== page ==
When I was in grad school at University of Florida in 1980, disco was King. A friend of mine persuaded me and some of her other friends to take a free intro disco class. A dance studio was giving free one hour lessons once a week for four weeks. They hoped that after the free class you’d sign up and pay for a longer intermediate class to learn the really flashy moves.
I took the four week class but not the intermediate. I learned enough of the basics to have some fun on the dance floor on weekends. The floor was so packed that you didn’t have enough room to do much turning anyway, so there was no point learning the flashy moves.
Last week, I took a group intro dance class which is $8 for 90 minutes. The class is five weeks; I thought I’d only missed one week but I’d missed two weeks.
The class is taught on a “rolling” basis. Three dances each week, beginning with the basics and then adding more steps each week and, at some point, one dance dropping off and a new one coming in.
First dance was the “two step.” All we learned was the basic steps: two “fast” steps followed by two “slow” steps. The “slow” step is half the time of the “fast” step. That was easy enough.
The second dance was the waltz. Yes, as in “The Blue Danube” and other classical music era dances during the days of royalty. All we learned was the basic three steps to dance the “box.” Guy steps forward with left foot, then right foot, then closes with left foot to right foot. Then, step back with right foot, step back with left foot, close with right foot to left foot, and you’re back to where you started. Simple enough.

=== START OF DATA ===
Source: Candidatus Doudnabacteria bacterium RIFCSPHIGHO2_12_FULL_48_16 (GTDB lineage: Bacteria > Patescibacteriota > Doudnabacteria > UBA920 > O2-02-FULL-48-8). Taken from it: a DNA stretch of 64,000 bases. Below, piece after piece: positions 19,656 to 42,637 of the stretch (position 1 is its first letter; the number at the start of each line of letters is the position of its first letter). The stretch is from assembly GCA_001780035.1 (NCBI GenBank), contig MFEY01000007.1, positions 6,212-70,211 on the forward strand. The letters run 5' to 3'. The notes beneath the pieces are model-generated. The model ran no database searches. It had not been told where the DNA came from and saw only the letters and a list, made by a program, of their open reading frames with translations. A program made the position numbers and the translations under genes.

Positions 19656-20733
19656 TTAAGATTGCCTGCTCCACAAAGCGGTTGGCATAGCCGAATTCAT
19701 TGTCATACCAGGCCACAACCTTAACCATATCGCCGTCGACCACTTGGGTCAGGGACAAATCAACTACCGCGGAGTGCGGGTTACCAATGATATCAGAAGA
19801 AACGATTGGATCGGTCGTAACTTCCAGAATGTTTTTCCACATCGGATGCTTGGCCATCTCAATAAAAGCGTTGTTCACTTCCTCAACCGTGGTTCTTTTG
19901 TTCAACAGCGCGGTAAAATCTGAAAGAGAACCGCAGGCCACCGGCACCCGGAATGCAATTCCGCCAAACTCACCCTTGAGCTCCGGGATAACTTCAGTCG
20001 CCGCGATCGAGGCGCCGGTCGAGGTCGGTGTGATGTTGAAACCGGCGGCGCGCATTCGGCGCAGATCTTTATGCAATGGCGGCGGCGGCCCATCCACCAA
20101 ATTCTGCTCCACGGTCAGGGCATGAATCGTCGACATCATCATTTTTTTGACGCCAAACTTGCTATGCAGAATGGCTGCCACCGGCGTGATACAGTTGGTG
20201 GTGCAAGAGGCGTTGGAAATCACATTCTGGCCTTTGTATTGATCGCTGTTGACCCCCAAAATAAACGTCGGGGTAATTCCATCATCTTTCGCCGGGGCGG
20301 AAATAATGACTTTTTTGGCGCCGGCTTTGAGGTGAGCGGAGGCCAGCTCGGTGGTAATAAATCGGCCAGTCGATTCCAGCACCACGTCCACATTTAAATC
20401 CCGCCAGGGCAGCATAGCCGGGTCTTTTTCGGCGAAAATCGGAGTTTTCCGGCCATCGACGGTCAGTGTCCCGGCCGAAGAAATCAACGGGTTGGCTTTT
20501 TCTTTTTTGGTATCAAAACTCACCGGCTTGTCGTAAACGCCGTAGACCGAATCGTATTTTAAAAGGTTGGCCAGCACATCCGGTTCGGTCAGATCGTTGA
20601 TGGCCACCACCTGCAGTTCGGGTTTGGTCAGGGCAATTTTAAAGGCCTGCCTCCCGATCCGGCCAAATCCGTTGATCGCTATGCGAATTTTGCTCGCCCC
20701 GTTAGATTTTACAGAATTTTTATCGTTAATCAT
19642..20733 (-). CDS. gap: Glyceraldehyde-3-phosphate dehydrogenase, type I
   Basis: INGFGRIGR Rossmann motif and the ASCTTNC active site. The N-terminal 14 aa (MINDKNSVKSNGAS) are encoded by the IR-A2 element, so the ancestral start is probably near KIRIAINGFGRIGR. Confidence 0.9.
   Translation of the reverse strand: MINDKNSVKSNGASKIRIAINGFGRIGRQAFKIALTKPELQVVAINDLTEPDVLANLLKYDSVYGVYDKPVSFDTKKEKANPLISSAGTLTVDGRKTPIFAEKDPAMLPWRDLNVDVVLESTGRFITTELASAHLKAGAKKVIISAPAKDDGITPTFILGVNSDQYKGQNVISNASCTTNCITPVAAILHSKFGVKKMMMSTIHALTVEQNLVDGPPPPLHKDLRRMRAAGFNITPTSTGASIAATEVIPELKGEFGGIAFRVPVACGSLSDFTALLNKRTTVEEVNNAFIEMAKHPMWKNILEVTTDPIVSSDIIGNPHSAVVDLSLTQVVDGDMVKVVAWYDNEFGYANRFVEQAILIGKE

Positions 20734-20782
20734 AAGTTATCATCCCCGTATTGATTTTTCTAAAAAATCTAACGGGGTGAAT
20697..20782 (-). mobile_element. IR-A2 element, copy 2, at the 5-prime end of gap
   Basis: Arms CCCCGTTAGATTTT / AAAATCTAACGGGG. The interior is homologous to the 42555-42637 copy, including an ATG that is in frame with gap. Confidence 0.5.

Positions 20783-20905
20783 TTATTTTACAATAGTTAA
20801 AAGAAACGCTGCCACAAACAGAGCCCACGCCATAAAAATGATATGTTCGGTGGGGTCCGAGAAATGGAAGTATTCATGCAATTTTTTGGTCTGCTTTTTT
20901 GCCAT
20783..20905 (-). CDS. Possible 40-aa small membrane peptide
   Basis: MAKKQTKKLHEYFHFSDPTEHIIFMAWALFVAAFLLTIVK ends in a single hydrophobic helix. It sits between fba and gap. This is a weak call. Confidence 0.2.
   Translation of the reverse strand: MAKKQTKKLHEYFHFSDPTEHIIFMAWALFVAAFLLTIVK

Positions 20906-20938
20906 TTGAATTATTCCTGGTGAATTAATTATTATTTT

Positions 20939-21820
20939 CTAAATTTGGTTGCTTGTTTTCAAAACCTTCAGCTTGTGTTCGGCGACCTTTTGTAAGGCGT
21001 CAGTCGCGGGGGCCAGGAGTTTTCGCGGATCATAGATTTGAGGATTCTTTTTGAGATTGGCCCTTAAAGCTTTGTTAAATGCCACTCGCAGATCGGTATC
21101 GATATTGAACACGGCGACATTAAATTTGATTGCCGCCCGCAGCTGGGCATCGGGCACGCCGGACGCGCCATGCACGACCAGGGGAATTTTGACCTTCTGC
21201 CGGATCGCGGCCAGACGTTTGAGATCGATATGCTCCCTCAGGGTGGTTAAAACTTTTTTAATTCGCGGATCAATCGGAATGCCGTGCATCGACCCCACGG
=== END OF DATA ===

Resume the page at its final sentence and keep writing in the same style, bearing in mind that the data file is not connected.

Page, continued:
But when we had to change “facing” so we ended up facing another wall, that was where I began to lose pace. Not so simple…
Most of the remaining class time of about 45 minutes was devoted to east coast swing. In class, the guy begins with weight on the right foot and then takes a “normal” step forward with his left foot, followed by two quick, smaller steps with the right foot to come up to the left foot. (That’s the “triple step.”) Then, a “rock, step” in which one foot “rocks” by staying on the ball of the foot and not going all the way down to the heel.But apparently, the dance can also begin with the “rock, step” and then go into the triple step.
That wasn’t too bad, but from that point it unraveled. Because now there was a quarter turn and other steps that left me confused. I wish the class just focused on one dance at a time. Much easier to remember than when you’ve just learned steps from other dances are and are trying to keep them all straight.
So the plan now is to sit out the last two classes and start the intro class from the beginning. From disco, I learned that the man has got to knwo his part because he leads. if he’s good he can lead a woman into doing the right steps just from momentum. But if the man doesn’t know his part, a woman doesn’t have as easy a time getting him to “lead.”
I still like ’60s style dancing…
The classic dance scene from “Pulp Fiction…